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SALT LAKE CITY — It's become a near-daily occurrence for Jared Butler.
He's assigned to the Salt Lake City Stars for practice only to be recalled by the Utah Jazz a few hours later.
Butler, the rookie from Baylor, hasn't seen many meaningful minutes this season; and with Trent Forrest having claimed the last guard spot in Quin Snyder's rotation, Butler has been at the end of the bench, sitting and waiting.
The thing is, sitting and waiting doesn't usually lead to development. With the Jazz practice schedule hit or miss, at best, Butler's time with the Stars has given him a chance to get some time in.
The Stars play the same system as the Jazz and execute the same plays, so the extra practice is simply to help Butler, who the Jazz still value highly, added opportunities to get up to speed.
"There's this balance between being sharp and being recovered, and for our young guys getting them reps as opposed to recovering when we have a full rotation, especially when we're healthy," Jazz general manager Justin Zanik said. "This is an opportunity for those guys to get a bunch of reps."
Outside of a couple games Mike Conley sat out due to resting on back-to-back games (something that will continue throughout the course of the season) and Donovan Mitchell missing one contest with a minor sprained ankle, the Jazz's guard line has been fully healthy. But those games have cast a light on where Butler stands in the pecking order.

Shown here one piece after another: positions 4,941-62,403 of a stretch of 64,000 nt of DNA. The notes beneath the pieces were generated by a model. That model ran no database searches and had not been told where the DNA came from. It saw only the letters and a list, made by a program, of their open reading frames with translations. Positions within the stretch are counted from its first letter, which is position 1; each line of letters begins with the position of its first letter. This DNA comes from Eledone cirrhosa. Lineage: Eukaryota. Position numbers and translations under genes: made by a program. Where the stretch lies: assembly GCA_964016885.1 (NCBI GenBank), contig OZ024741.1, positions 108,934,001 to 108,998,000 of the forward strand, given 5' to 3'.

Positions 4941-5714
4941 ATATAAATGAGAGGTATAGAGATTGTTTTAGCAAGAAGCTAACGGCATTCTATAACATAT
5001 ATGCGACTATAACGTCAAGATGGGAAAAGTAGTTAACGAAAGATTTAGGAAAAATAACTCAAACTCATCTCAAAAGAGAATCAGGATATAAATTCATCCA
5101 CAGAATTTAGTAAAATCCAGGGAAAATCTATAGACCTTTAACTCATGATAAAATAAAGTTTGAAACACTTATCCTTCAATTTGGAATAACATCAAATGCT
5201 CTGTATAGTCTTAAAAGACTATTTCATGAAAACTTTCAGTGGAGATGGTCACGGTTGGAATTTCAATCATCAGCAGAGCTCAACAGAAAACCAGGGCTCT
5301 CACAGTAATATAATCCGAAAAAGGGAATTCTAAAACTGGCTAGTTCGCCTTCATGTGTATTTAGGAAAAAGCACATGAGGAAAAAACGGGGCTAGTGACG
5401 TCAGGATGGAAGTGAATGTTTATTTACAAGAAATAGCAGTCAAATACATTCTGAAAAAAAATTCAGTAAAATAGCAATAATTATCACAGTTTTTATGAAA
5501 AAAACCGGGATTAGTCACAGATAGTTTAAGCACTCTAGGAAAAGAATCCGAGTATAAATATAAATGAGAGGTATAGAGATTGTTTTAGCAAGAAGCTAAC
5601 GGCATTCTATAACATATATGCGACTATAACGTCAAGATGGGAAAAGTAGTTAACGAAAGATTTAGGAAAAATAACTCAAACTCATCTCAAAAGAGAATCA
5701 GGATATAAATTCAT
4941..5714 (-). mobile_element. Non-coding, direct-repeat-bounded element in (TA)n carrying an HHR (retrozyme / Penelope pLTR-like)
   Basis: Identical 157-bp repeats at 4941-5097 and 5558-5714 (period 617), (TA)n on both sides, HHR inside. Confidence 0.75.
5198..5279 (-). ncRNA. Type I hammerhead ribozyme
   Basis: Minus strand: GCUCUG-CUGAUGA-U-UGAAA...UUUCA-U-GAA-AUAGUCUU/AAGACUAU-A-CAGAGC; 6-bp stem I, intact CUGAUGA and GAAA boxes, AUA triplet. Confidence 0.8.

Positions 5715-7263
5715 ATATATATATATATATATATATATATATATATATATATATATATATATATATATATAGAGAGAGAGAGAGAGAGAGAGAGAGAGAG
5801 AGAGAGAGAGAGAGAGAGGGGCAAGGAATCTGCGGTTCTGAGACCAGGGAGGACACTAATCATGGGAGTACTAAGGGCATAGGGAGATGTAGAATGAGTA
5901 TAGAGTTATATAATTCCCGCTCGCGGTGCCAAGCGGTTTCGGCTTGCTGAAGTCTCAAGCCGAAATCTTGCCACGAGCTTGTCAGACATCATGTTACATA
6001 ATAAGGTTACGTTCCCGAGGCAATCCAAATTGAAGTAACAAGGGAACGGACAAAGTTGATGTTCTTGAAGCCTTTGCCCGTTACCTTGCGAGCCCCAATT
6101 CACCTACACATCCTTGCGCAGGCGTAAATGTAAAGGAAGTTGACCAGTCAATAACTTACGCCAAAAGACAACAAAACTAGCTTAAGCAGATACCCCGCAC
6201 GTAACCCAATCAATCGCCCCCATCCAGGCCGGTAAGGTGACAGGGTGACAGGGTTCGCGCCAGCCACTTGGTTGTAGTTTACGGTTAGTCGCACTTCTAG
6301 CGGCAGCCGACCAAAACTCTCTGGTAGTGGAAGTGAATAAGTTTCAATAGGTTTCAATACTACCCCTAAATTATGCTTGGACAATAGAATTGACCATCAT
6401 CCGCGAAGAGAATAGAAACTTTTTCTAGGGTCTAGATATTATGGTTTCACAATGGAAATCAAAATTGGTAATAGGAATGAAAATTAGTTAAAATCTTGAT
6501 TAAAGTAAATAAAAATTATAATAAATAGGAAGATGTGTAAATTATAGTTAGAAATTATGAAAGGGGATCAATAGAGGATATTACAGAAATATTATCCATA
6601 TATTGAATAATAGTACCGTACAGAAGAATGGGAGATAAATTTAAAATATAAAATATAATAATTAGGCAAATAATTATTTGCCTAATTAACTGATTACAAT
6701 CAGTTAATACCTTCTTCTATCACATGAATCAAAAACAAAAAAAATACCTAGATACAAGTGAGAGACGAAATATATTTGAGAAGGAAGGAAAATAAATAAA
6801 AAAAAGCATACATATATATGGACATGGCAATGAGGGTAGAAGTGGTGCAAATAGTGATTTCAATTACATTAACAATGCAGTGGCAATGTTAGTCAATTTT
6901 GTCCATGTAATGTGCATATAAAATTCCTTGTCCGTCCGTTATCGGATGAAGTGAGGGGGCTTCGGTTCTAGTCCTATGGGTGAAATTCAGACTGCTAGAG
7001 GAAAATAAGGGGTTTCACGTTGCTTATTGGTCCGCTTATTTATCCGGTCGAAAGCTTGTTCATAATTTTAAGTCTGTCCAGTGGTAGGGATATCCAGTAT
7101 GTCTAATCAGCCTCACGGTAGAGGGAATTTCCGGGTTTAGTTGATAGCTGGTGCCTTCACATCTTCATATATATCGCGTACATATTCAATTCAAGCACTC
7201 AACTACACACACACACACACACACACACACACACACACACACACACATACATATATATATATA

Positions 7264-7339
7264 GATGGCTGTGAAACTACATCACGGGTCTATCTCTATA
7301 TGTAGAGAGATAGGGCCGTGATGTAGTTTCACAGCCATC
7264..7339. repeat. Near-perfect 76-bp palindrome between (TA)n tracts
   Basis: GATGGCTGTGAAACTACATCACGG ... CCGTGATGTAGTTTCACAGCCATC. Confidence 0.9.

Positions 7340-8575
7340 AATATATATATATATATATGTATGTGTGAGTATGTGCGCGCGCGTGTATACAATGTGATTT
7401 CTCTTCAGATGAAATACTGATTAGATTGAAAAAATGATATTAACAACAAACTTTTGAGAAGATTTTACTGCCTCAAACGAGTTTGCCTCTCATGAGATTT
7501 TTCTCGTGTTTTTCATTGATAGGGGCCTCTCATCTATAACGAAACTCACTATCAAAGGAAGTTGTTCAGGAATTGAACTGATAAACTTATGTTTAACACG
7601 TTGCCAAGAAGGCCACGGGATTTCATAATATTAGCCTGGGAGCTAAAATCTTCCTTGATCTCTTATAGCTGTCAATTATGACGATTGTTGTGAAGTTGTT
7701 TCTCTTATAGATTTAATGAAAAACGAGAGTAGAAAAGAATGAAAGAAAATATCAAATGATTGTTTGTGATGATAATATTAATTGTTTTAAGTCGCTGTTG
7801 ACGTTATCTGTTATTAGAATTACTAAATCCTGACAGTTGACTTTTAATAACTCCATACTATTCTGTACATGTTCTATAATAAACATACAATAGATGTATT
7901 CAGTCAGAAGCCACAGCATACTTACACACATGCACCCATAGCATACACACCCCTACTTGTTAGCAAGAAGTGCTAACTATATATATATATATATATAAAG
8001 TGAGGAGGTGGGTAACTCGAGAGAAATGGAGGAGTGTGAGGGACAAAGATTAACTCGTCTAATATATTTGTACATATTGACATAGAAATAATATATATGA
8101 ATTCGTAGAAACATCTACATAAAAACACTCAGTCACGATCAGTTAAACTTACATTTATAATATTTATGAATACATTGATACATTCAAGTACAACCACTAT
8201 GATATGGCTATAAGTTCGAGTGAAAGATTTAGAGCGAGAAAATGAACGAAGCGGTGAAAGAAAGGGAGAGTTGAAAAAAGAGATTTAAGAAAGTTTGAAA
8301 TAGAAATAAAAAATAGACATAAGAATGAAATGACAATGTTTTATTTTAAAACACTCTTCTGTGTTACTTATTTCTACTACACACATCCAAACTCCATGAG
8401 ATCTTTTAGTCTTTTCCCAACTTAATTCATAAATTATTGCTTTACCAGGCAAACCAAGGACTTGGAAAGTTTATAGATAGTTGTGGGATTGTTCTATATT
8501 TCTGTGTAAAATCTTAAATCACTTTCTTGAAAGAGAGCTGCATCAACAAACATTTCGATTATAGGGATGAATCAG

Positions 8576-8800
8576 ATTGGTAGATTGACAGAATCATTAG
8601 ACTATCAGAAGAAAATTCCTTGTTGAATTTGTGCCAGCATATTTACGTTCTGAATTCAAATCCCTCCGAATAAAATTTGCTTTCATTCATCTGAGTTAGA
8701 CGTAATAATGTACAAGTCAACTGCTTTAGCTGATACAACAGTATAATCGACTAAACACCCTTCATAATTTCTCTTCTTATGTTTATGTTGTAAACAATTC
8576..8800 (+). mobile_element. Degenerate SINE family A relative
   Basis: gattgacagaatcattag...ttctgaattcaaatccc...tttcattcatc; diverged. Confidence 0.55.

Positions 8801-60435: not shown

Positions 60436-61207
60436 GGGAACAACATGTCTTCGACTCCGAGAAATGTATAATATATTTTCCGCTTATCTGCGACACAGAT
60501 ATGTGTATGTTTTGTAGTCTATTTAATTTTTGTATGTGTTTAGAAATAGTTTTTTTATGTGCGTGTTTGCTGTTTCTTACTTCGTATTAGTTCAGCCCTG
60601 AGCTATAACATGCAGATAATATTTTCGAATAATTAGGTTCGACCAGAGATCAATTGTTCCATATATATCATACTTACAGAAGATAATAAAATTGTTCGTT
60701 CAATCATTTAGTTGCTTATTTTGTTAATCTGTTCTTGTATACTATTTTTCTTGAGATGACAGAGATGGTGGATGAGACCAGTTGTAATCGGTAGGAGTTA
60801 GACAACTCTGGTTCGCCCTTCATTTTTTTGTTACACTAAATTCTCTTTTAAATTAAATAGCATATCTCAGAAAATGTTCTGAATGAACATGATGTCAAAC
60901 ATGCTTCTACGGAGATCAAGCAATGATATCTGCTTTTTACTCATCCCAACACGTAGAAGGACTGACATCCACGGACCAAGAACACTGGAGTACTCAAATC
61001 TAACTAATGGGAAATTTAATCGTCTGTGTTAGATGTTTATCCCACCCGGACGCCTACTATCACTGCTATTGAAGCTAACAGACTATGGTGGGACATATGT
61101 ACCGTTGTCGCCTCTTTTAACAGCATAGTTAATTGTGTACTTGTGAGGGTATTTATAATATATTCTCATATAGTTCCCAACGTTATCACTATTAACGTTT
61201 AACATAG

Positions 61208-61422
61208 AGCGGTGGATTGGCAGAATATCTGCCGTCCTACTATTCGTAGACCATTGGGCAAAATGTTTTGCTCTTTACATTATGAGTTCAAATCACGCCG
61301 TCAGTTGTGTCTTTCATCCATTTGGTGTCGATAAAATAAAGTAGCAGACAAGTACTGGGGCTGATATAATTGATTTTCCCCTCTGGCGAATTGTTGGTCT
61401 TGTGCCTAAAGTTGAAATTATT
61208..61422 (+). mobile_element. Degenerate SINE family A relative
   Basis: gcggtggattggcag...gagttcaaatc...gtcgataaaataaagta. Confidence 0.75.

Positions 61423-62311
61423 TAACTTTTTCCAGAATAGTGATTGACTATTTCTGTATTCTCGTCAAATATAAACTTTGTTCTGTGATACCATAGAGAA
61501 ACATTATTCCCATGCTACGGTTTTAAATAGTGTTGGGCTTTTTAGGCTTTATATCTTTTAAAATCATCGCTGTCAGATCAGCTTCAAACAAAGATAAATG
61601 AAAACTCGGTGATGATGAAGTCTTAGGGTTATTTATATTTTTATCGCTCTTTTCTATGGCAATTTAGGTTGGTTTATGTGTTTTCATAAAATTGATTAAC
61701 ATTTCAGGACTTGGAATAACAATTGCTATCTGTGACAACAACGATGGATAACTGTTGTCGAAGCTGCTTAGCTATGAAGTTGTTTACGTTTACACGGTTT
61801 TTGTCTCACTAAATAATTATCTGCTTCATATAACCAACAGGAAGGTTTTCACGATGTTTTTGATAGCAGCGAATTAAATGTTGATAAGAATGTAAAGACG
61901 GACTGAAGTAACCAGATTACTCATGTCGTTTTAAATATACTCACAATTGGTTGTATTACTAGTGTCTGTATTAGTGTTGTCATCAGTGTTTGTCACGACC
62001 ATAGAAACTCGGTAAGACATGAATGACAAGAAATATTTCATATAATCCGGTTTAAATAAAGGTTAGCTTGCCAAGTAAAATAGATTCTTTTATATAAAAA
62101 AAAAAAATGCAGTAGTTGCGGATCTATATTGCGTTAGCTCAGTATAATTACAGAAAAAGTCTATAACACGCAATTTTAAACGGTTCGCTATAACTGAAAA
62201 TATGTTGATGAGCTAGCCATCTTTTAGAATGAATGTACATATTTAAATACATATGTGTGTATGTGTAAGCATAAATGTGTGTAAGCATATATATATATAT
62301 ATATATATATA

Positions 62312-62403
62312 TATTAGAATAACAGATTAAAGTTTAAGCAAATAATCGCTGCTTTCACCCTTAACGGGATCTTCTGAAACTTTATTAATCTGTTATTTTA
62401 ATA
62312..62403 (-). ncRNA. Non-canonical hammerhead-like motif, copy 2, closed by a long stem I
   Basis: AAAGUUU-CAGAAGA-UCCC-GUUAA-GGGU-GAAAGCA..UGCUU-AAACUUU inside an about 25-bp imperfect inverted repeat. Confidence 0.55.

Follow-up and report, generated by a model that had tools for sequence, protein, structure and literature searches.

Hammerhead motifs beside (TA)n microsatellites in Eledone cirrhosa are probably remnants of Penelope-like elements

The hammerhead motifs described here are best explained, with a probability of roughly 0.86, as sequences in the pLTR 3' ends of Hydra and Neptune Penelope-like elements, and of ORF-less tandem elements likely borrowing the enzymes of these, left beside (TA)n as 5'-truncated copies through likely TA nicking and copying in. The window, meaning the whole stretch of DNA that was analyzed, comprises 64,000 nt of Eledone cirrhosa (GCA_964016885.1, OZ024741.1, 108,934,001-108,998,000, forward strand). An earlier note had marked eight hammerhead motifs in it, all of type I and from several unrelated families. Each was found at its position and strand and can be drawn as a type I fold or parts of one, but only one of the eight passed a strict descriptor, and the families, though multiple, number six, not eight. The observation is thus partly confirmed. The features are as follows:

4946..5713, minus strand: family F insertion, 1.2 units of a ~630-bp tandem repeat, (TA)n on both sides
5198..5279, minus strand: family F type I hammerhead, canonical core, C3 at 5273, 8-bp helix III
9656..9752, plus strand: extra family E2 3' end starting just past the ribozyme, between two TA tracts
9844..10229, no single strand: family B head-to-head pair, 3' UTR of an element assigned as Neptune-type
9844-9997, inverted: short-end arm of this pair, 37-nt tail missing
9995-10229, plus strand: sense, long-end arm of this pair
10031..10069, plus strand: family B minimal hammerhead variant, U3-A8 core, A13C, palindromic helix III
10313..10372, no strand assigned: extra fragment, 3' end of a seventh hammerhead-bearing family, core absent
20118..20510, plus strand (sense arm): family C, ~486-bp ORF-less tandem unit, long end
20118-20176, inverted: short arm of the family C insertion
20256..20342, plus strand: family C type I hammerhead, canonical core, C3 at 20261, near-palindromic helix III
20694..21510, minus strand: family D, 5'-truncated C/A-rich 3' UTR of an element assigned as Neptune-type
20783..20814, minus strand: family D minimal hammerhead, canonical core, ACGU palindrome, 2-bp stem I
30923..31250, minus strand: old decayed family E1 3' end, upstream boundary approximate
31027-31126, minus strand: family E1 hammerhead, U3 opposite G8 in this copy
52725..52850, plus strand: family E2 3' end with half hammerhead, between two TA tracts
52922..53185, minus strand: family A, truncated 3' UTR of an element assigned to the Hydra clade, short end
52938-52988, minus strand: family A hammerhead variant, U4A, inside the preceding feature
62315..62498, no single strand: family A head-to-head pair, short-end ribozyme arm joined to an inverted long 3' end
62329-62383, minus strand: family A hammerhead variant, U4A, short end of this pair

It's been Forrest, a second-year guard from Florida State, that has been getting the extra minutes; Forrest has been good defensively and can run the system. Those positives have given him the edge over Butler, but the rookie guard's potential ceiling is still immensely higher.
He just needs some reps to grow more comfortable in NBA schemes. Butler said during his time with the Stars the focus has been on his defense — learning to fight over screens and have presence guarding the ball.
When the Jazz told Butler of the plan of using the G League to help him further his development, they made sure he didn't think of it as a demotion. Utah has famously used the G League to help develop players like Rudy Gobert and Georges Niang, and they wanted to see Butler thrive the same way.
"I think they made it a point not to make the situation seem negative because there's a negative connotation with going to the G League," Butler said. "They just made it a point of emphasis that 'Jared, we still believe in you. We feel like this is the best thing for you at this specific time.'"
Still, it's been a little difficult for Butler to look around the league and see other members of his draft class playing big roles and getting big minutes for their clubs. He's realized, however, that if he was in similar situations, he'd likely be playing the same amount of time.
The minutes just aren't there on a title-contending team.
"I've got to really put my situation in perspective and don't look to the left or right. 'Oh, they're doing this, I'm not doing that,'" Butler said.
He's confident his time in an NBA rotation will come, and he's just trying to make sure he's ready for that. Some practice time — and maybe even some games — with the Stars will only help him there.
"It's a weird place I'm in for sure," he said. "But I'm a basketball player and I know my opportunities are gonna come. So I just try not to look at it like this, this is going to be my life forever. You know what I mean? It's a long season, and I just try to get better every day."